7 Ways to Avoid Consumer Backlash for Your Next #SocialMedia Promotional Campaign
As a business owner you want to increase your following and engage with your customers. A perfect way to do this is to run a contest. Give a way a prize, get people spreading the word of your business, every one wins right? Unfortunately this isn’t always the case. Here are 7 points you need to consider before running a contest to help avoid consumer backlash.
1. Avoid Voting Contests Or Apply Strict Rules To Them
If you have a voting contest, there are sites / Facebook pages out there that let you post your entry link and get heaps of votes from random strangers. Then you also go and vote on all the other entry links on these pages. A reciprocal exchange of votes from random strangers.
People get REALLY angry about this and this actually tends to be worse when you are in a predominately women focussed business (e.g. homewares or fashion).
You can either avoid voting contests, put in place strict rules forbidding people to post on these pages and if they are found to have done so, they can be removed from the contest, or do a vote for a chance to win.
Vote for a chance to win is a slight variation on a plain voting contest. Each vote they get is a chance to win, but not a guarantee, hence it limits the effectiveness of gaining votes from random strangers. This type of contest is available on the Binkd Promotion Platform.
2. Ensure Your Prize Is Highly targeted And Valuable
If you give away a cheap or not applicable prize to your audience not only will you lose credibility, you will anger your customers for wasting their time reading your contest or making them feel devalued and not worthy of your time.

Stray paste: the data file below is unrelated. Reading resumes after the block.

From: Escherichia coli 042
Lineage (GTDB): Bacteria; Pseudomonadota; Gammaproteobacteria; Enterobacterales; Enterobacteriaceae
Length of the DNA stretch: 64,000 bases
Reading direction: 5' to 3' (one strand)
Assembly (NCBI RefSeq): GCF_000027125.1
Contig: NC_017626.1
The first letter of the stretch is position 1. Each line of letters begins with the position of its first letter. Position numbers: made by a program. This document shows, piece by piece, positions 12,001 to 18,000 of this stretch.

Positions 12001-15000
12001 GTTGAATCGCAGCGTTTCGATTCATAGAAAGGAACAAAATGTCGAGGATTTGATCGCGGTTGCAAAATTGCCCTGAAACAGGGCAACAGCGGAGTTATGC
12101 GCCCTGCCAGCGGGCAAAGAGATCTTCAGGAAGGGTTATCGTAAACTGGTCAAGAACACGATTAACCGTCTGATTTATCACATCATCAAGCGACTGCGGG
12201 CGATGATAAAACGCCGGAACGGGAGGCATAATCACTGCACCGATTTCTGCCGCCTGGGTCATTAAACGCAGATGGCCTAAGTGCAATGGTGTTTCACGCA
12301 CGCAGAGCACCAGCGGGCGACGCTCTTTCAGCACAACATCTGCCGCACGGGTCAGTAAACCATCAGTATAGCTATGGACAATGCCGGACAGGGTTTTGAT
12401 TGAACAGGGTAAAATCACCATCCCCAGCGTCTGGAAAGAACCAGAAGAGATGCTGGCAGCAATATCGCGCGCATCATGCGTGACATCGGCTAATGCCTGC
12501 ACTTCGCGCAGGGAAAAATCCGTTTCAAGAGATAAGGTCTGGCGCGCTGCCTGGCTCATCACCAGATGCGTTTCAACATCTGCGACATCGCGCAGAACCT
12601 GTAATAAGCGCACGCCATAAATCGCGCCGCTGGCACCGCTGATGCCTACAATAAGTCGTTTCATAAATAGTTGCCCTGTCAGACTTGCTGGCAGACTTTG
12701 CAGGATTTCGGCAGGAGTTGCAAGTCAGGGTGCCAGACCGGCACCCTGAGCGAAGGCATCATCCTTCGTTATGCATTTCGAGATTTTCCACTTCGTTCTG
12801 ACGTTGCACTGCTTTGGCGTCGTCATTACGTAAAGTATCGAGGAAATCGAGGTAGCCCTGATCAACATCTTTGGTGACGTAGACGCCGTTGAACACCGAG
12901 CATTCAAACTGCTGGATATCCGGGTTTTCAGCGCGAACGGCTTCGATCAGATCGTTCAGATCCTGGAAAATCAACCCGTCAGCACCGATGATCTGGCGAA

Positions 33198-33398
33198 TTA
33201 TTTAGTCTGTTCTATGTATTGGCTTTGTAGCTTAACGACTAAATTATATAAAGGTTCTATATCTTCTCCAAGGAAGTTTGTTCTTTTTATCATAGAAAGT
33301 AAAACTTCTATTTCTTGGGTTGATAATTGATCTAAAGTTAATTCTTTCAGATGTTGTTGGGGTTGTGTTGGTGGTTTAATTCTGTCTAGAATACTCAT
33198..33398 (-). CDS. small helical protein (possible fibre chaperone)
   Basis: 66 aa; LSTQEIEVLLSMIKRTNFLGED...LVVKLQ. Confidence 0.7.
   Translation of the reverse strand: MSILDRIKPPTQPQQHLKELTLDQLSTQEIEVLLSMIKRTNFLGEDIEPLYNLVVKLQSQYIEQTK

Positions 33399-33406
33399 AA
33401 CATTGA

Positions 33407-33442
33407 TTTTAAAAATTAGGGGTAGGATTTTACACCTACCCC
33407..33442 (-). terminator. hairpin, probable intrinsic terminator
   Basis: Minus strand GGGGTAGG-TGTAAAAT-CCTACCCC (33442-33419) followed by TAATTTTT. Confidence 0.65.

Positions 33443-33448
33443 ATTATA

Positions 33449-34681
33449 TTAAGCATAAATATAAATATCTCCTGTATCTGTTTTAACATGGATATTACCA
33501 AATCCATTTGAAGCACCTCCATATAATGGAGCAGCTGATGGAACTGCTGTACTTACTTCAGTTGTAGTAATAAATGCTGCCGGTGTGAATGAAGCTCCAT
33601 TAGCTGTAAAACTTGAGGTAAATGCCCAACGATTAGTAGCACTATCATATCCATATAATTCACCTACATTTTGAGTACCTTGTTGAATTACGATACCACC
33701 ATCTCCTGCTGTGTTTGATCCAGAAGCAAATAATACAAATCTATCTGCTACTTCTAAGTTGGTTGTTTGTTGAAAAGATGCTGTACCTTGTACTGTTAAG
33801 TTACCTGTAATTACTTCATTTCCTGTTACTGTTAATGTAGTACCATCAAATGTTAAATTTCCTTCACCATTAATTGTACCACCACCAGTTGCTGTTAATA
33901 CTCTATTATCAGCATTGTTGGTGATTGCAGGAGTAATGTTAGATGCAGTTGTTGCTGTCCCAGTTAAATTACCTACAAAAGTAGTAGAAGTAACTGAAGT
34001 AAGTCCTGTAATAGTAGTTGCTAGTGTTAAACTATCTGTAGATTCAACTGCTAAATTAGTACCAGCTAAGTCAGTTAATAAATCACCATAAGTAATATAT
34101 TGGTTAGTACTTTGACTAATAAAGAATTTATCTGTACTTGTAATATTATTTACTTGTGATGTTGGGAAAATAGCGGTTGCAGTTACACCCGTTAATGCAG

A highly targeted and valuable prize will gain you more entrants and greater trust with your followers. They are also more likely to keep coming back.
3. Monitor Your Contest Very Closely
There is always the potential for things to go wrong in your contest. Maybe you made an error in the terms or setup the contest incorrectly. These errors normally surface in the first few hours hence it is best to launch a contest early in your working day. This gives you the ability to monitor your contest and correct any errors during the day, rather than waking up in the morning to discover a PR nightmare.
4. Don’t Change The Terms Once The Contest Is Running
Apart from being illegal in some countries, changing the rules of the contest after it has started never goes down well with entrants. If you think you may need something in the terms, write it in now and don’t add it in later. Your terms should be well crafted and looked over by a lawyer to ensure it is valid in the countries you are running the contest.
5. Avoid Humorous Prizes Or Language
While something may be funny to one person, it generally isn’t to others. To avoid negative feedback and have the best chance of people spreading the word, stick to widely accepted and wanted prizes in your niche.
6. Don’t Run A Contest For A Good Cause
If you run a contest with “I will donate $X to a charity or the latest global disaster, if I reach a thousands entrants” or something similar, you will get entrants who buy into this but you will also receive a fair bit of backlash. Generally people will say, why don’t you just donate the money now, people are dying over there you (insert expletive).
7. Make Clear Any Out Of The Ordinary Terms.
A lot of people don’t read the terms of the contest and then have a go at you when they realize it wasn’t what they expected. If you have any terms that are slightly out of the ordinary, make sure you put them in a place where people will read them as well as the in the terms and conditions. The more upfront you are about them, the less likely anyone will question you later after they have entered.